Painted and engraved rock art appear at the Pak Ou caves, a complex of caverns containing Buddhist offerings and shrines located at the confluence of two rivers in Luang Prabang Province, Lao PDR. Faded red paintings and writing can be found on the cliff face housing the lower cave, colloquially known as the “Cave of a Thousand Buddhas,” while in the upper cave, red anthropomorphs and flowers along with black anthropomorphic figures are painted on the walls. This red and black rock art may predate the Buddhist use of the cave. However, one painting found in the upper cave 10 m from the entrance is unusual as it utilizes a green pigment, and resembles modern steamships that might have transited the upper Mekong. This article considers the historic context of the cave and significance of this Laotian rock art site, which has received little attention in academic literature thus far. Because boat imagery in rock art is not unheard of in Southeast Asia, we hope to highlight the potential for this art to illuminate episodes from the recent past.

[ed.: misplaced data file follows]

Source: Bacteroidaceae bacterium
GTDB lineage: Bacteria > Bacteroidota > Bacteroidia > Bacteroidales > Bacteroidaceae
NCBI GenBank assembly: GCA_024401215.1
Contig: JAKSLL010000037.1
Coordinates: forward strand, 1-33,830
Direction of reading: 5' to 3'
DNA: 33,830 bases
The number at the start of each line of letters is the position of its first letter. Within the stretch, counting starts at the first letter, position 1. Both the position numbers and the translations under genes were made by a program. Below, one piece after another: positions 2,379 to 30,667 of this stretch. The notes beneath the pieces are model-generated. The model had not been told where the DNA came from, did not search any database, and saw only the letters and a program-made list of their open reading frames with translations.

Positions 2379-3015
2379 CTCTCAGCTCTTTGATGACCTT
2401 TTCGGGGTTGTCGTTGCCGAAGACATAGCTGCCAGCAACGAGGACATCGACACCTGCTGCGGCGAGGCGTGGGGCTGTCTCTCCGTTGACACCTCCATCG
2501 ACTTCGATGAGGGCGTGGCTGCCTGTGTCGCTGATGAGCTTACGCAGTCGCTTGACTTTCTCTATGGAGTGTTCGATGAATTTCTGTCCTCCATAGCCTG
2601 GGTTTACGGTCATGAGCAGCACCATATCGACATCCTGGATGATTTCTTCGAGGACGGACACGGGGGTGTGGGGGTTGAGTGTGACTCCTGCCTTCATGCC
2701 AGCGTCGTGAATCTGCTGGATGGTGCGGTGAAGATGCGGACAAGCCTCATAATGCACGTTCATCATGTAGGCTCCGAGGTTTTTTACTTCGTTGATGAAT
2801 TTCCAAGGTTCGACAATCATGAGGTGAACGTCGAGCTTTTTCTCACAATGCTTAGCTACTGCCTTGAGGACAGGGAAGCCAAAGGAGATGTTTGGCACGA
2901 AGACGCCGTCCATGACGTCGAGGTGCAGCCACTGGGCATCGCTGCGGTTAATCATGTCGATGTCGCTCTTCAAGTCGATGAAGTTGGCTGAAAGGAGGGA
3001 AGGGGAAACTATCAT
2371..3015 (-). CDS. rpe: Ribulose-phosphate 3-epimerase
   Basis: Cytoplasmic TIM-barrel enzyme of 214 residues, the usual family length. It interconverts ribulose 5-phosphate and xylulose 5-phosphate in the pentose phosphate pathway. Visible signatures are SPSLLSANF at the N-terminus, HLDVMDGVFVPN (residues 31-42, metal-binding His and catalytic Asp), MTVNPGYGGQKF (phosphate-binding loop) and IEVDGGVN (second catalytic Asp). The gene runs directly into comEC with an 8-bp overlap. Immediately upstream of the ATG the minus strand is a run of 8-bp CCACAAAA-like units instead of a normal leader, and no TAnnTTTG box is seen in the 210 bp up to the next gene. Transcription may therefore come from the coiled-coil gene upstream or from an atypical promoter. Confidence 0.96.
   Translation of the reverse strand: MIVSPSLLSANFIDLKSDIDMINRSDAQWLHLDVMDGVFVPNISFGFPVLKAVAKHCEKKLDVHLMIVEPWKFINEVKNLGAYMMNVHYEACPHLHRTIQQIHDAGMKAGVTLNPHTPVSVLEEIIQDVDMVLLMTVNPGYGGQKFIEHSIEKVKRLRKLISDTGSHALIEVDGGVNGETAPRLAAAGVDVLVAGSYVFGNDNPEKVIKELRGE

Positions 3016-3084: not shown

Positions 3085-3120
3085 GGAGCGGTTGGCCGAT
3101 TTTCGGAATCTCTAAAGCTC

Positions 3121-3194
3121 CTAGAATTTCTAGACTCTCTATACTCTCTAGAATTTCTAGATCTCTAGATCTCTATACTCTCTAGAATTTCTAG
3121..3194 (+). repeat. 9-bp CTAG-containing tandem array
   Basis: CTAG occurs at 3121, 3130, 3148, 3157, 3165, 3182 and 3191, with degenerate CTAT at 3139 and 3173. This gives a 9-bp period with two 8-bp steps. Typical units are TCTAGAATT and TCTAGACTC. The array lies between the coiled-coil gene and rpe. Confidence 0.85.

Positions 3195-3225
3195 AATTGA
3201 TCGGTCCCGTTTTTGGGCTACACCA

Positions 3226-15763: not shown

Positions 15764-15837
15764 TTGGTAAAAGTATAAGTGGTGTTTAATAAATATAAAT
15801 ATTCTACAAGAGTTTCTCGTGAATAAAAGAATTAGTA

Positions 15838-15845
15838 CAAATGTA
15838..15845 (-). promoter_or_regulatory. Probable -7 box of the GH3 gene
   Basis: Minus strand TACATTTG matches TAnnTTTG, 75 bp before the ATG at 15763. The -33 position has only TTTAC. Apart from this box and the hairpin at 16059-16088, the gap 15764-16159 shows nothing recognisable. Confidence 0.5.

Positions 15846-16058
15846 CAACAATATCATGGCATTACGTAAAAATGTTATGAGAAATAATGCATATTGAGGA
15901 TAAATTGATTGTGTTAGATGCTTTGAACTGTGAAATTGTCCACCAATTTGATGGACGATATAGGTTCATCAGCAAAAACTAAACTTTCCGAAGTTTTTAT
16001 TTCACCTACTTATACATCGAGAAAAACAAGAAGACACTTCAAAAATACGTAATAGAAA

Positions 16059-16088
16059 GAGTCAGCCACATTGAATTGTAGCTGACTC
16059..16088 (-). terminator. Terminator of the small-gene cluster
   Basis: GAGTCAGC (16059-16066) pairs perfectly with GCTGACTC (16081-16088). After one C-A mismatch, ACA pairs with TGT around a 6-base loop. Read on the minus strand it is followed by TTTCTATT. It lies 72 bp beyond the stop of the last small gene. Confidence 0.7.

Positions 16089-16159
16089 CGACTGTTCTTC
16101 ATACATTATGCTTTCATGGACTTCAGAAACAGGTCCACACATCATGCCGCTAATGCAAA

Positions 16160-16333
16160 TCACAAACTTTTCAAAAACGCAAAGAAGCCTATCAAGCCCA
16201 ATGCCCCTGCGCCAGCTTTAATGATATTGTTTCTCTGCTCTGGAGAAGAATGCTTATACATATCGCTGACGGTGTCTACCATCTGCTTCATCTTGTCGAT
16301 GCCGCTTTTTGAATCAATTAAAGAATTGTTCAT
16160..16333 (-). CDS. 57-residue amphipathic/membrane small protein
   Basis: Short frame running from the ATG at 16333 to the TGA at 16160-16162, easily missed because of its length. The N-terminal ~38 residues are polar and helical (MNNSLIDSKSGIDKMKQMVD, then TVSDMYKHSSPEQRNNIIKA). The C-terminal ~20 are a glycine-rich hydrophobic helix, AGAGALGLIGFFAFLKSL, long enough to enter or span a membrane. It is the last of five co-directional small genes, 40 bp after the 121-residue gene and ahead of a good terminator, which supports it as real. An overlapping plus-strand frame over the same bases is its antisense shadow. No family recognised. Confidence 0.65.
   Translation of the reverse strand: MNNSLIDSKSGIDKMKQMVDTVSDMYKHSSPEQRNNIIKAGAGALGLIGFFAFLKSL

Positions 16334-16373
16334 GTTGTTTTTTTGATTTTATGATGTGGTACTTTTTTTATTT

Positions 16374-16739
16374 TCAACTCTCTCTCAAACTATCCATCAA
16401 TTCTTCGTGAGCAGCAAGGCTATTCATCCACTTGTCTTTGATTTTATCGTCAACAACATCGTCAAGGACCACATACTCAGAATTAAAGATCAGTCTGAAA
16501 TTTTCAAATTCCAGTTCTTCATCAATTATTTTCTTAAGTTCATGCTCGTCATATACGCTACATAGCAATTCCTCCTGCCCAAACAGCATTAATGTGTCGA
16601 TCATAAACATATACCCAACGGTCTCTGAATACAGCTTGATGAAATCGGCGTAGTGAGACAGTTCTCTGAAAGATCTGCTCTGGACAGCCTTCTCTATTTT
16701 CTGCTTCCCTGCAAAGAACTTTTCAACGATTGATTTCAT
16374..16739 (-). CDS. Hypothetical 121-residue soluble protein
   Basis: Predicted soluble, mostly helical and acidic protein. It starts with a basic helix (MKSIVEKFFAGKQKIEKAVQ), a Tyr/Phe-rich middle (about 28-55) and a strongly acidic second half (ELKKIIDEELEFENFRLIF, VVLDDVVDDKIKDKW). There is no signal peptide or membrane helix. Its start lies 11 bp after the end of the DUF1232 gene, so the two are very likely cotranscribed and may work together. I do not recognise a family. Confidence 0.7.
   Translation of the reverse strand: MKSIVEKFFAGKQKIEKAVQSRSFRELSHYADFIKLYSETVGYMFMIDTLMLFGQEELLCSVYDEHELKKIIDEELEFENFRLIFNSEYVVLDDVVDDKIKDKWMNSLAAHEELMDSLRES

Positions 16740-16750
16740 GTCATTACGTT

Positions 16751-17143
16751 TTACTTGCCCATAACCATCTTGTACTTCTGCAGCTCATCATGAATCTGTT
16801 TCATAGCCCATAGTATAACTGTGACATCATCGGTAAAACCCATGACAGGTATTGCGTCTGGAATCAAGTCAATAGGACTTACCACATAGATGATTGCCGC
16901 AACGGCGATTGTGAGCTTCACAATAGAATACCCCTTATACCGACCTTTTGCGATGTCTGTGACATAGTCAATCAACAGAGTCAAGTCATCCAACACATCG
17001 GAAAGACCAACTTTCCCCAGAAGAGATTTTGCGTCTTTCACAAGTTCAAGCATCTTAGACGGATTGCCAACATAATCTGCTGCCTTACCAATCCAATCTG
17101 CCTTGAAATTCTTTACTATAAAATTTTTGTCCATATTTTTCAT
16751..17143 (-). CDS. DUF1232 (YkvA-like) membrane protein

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pp. 253-273
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